Doha, 20 September 2020 - FIFA President Gianni Infantino on Friday said that while the coronavirus pandemic has delayed football tournaments globally, plans are being worked out “to make sure that the qualifiers for FIFA World Cup Qatar 2022 go through all over the world and that we have a fantastic World Cup in Qatar in 2022”.
Infantino stated this in his replies to questions of the media via videoconferencing from Zurich soon after the opening of the 70th FIFA Congress held online with
delegates from 211 member federations.
To the query of the qualifiers getting postponed, Infantino said, “We have already a new window in the international calendar in January 2022. We will have the qualifiers until June 2022 instead of March as originally foreseen.
“The World Cup (in Qatar) is scheduled for November which gives us a bit more time for the qualifiers to be played all over the world.
“Obviously, the FIFA World Cup is the most important tournament in the world and it is the top priority not only for FIFA but for each and every country around the world.
“Other plans could be to have qualifiers at one venue instead of home and away. We will make sure that the qualifiers go through all over the world and that we have a fantastic World Cup in Qatar in 2022,” he added.
The FIFA President further highlighted football’s power as a force for good in society, and praised the unprecedented move by Qatar to improve workers’ rights: “This is a milestone, this is a game-changer, and it’s not me saying this – it’s the ILO (International Labour Organization), and it is partly thanks to the spotlight of hosting the FIFA World Cup.”
Infantino also said that this year’s Club World Cup in Qatar, scheduled for December, may have to be postponed because of the global health situation.
“We are monitoring the situation. Maybe it can be held at the beginning of the year. We have to see if we can keep it,” he said.
The event is the last of its kind in the current seven-team format. A new-look Club World Cup was to debut next year but has been pushed back to 2022 to allow the postponed Euro 2020 and Copa America tournaments to be played in 2021.
Infantino said it was encouraging that Europe has resumed national team competitions and South America is to follow next month, adding that FIFA would have a “return to play scheme” ready next week.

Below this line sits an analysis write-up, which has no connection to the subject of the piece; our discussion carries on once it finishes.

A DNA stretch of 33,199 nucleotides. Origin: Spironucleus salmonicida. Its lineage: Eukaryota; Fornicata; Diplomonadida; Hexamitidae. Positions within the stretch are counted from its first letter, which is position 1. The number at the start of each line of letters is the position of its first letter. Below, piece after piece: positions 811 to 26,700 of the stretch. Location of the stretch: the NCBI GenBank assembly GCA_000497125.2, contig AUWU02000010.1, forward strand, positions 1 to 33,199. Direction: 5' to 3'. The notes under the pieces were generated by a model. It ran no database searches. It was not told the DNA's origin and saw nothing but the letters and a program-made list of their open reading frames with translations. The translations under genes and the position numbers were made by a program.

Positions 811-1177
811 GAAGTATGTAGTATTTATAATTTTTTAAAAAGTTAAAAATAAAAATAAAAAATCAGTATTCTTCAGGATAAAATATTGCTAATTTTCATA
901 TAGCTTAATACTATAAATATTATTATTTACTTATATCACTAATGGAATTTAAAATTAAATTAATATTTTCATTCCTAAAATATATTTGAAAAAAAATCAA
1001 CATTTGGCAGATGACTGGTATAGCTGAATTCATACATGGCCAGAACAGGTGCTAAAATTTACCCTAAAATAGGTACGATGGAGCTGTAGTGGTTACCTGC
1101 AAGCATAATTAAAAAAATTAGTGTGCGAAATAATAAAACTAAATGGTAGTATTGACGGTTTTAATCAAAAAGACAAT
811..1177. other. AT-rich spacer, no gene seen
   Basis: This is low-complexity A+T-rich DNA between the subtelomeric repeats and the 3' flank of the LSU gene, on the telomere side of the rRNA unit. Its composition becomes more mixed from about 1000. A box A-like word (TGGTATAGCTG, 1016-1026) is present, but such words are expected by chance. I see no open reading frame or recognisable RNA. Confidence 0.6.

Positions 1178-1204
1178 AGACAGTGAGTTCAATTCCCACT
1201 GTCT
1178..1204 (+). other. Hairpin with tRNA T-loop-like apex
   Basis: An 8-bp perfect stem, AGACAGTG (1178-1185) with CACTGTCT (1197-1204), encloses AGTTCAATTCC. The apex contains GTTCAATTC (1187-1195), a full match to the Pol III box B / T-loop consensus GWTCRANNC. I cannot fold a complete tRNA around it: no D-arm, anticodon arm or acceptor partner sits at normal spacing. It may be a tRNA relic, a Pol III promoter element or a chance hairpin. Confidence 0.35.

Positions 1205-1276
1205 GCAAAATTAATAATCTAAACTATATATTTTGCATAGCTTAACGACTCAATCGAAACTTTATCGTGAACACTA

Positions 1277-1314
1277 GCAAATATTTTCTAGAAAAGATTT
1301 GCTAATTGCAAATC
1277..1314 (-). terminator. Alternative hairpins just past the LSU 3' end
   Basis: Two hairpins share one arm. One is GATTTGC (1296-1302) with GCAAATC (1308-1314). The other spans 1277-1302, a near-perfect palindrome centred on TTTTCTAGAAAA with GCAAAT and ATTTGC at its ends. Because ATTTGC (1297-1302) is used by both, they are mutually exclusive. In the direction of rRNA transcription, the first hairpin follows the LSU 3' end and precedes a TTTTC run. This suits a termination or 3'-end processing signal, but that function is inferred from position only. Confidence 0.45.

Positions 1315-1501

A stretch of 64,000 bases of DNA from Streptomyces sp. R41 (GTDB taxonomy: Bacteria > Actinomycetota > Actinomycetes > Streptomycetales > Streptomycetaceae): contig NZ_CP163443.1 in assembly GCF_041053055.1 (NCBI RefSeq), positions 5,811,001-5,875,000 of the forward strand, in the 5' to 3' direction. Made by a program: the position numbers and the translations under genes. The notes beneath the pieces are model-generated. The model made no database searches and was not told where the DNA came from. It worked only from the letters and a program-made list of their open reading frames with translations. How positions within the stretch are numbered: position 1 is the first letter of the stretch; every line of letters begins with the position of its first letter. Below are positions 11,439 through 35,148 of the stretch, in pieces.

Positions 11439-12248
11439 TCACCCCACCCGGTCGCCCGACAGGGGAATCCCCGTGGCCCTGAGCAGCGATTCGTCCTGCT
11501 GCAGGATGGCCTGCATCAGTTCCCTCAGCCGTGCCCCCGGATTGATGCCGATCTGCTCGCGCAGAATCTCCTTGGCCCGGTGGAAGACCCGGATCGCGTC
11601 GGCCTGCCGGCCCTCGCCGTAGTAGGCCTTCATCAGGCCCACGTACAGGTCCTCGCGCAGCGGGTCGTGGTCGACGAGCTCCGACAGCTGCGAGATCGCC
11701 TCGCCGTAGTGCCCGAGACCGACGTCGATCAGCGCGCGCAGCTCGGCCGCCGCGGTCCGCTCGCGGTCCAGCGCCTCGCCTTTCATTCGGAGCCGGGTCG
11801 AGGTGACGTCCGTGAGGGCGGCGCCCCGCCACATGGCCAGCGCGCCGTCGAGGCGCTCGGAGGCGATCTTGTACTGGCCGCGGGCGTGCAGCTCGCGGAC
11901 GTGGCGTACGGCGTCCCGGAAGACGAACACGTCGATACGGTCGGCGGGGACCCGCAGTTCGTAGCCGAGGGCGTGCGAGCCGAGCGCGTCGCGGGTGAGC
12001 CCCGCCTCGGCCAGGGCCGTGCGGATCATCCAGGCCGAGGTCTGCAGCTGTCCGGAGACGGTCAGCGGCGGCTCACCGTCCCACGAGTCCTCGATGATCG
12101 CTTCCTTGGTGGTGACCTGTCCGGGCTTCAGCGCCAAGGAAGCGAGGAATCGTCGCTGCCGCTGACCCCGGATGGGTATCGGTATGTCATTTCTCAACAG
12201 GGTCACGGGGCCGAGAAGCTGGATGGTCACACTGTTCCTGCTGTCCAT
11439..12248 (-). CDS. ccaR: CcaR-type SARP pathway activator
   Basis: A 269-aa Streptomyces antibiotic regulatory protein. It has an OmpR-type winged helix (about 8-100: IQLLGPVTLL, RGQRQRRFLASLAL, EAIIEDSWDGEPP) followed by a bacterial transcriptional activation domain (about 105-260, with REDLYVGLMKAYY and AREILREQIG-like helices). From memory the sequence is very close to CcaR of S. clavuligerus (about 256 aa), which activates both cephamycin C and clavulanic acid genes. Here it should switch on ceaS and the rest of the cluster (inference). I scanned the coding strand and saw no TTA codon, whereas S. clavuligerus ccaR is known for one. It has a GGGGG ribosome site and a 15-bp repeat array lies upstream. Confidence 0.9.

Meanwhile at the FIFA Congress, Infantino restated FIFA’s support for the football community. He lauded the FIFA Council’s June decision to make available up to US$1.5 billion, largely funded from the organisation’s solid financial reserves, in order to support the MAs through the FIFA COVID-19 Relief Plan, which has already seen over 150 MAs submit funding applications: “FIFA is not facing a crisis, but football is... The money goes where it has to go: to football, and to help football.”
Further emphasising the strength of the new FIFA as a partner for social change, President Infantino said, “As well as for our stakeholders, sponsors, and broadcast partners, we are also a solid partner for the UNODC (United Nations Office on Drugs and Crime), the World Health Organization, the World Food Programme, UNESCO, UN Women, the Council of Europe, the African Union, the Association of Southeast Asian Nations, and the members of the G20.”
On the importance of cooperation, President Infantino referred to FIFA’s freshly signed memorandum of understanding with the UNODC to combat match-fixing, corruption and child abuse: “On our own, we sporting bodies are not geared up to tackle these crimes and we have to search for collaboration, and I’m proud that we’ve found a partner like the UNODC to fight these fights together with us.”
Infantino also hailed the global impact of last year’s FIFA Women’s World Cup in France and reiterated FIFA’s prioritisation of women’s football through the recently launched FIFA Women’s Development Programme and investment totalling US$1 billion over the current four-year cycle.